Most Popular Myths in Golf Exposed

Golfer’s Guide Instruction by Andrew Rice

Andrew RiceIt has been an enlightening experience using TrackMan in almost every lesson for a year now. There are so many widespread philosophies us golfers have heard so many times, we simply accept them to be truth. TrackMan says hold on a minute! Here are a few examples that come to mind:

You’ve got to release the club through impact

The collision between club and ball lasts less than 1/2000th of a second. It simply is not possible to release or consciously alter the face angle during that very narrow time frame. The face is what it is by the time impact happens. For example, in this year’s Masters, by the time Bubba Watson teed it up, his ball had not been on his clubface in competition for even one second! The only element that can alter the face during impact is an off-center hit and that’s far from conscious.

Draws must be hit with a closed clubface

Draws are really good if they start to the right (for righties), agreed?  TrackMan shows the clubface is responsible for the launch direction of the ball. For a good draw, the face should be pointed to the right of the target with the club path being further to the right. When that, along with a centered hit occurs, voila -- we have a lovely push draw!  This also dispels the myth that the ball launches in the direction of the swing path. Clubface equals launch.

That drive had tons of sidespin

The vast majority of balls that are hit in the air have backspin. If a golf ball has backspin, it can’t also have sidespin. Think about it: Two types of spin on one ball at the same time? So what makes it curve? TrackMan shows that all shots that curve do so due to backspin on an axis that is tilted either left or right. Curve is purely caused by backspin that is tilted to one side or another.

My divots point left so I must be over the top

Because divots ideally occur after the collision between face and ball, the club path has a window of opportunity to start arcing back inside the target line. I have seen everything from push fades, to hooks, to push draws from leftward pointing divots. Divots do not tell us as much as we think, because they do not (and should not) occur at the moment of impact.

That ball faded . I must have cut across it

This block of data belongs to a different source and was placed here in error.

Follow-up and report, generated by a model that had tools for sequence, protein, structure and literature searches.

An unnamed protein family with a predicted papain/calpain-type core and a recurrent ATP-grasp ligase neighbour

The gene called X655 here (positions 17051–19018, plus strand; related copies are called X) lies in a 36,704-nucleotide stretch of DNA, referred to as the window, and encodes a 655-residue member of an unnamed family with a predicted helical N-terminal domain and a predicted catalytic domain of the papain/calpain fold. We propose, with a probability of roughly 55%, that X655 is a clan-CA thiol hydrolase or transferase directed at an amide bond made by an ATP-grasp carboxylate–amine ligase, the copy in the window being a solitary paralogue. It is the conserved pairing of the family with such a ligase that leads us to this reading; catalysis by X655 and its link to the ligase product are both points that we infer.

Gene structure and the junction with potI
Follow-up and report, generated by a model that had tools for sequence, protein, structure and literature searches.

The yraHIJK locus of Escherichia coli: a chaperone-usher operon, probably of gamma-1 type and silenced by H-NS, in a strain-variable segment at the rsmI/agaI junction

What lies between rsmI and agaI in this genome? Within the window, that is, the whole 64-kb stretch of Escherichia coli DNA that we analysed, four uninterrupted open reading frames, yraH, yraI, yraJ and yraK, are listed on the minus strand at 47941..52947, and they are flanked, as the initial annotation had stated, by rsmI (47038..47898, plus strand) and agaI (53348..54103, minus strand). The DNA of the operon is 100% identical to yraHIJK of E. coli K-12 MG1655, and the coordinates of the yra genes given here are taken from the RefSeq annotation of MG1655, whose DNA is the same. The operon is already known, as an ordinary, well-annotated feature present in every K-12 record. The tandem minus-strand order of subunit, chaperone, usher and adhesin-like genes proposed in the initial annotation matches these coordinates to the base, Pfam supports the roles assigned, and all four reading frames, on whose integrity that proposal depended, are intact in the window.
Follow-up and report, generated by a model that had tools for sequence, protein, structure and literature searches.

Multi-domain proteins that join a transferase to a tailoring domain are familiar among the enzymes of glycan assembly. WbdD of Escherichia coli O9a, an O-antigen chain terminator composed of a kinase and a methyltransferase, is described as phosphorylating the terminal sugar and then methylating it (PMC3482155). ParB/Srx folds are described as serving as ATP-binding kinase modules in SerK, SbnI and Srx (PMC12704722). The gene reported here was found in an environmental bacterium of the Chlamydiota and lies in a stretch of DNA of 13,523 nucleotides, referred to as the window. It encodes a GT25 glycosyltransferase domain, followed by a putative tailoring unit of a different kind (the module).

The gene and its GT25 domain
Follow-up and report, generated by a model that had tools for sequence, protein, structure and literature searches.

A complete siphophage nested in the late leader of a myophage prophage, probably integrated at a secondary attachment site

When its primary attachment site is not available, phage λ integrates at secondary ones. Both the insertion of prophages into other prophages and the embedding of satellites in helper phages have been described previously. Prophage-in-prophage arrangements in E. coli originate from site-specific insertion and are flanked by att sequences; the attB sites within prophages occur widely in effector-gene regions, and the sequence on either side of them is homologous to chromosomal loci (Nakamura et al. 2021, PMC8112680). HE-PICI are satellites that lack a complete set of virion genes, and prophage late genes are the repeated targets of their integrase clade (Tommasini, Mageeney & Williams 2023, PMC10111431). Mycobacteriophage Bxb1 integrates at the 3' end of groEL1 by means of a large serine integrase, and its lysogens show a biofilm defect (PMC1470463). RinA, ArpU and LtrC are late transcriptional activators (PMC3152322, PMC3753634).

A very important factor in determining shot shape is not only the clubface relative to the club path, but where the ball is struck on the face relative to the sweet spot. For regular golfers, off-center hits occur on more than half the shots hit. Balls hit off the toe of a club will always have a tendency to draw or fade/slice less. Balls hit off the heel will always fade or draw/hook less. Even one dimple on either side of the sweet spot will make a difference. This means it is possible to swing for a draw and hit/strike for a fade.

My instructor showed me my swing path on video

Ehh … no! Trust me on this one. What you see on video is a two-dimensional version of a three-dimensional event. You would have to be aware of your attack angle, and that’s not possible with video. On video you will see the direction you are swinging in relation to the target, but there is no way to know your club path (which is what creates a good portion of ball flight).

Hitting down creates more backspin

Spin is created by many factors, but a steeply descending blow on its own will not alter the spin rate. When a golfer hits down aggressively they also reduce the loft on the clubface. A lesser lofted face will do nothing to increase backspin.

Draws are much longer and spin less than fades

This is a good one!  With everything else kept the same, a ball that spins on a left-leaning axis has no reason to go further than a ball with a right-leaning spin axis. Now, keep in mind, it’s very difficult to keep everything the same (thus draws tend to be longer), but in a controlled environment both shots go the same distance. Just be aware that a properly struck fade will most often go just as far as its draw-side counterpart.

 And while it’s not a myth, even though PGA Tour golfers average out with a downward attack angle on the driver, TrackMan has more than done its share to prove how maximum efficiency and distance can be achieved by hitting up on the ball with the driver. Thanks for reading and feel free to share your newfound knowledge with your foursome.

Andrew Rice is the director of instruction at Berkeley Hall in Bluffton. He is one of only 11 TrackMan Masters in the world. He can be contacted at For more from Andrew visit his website at


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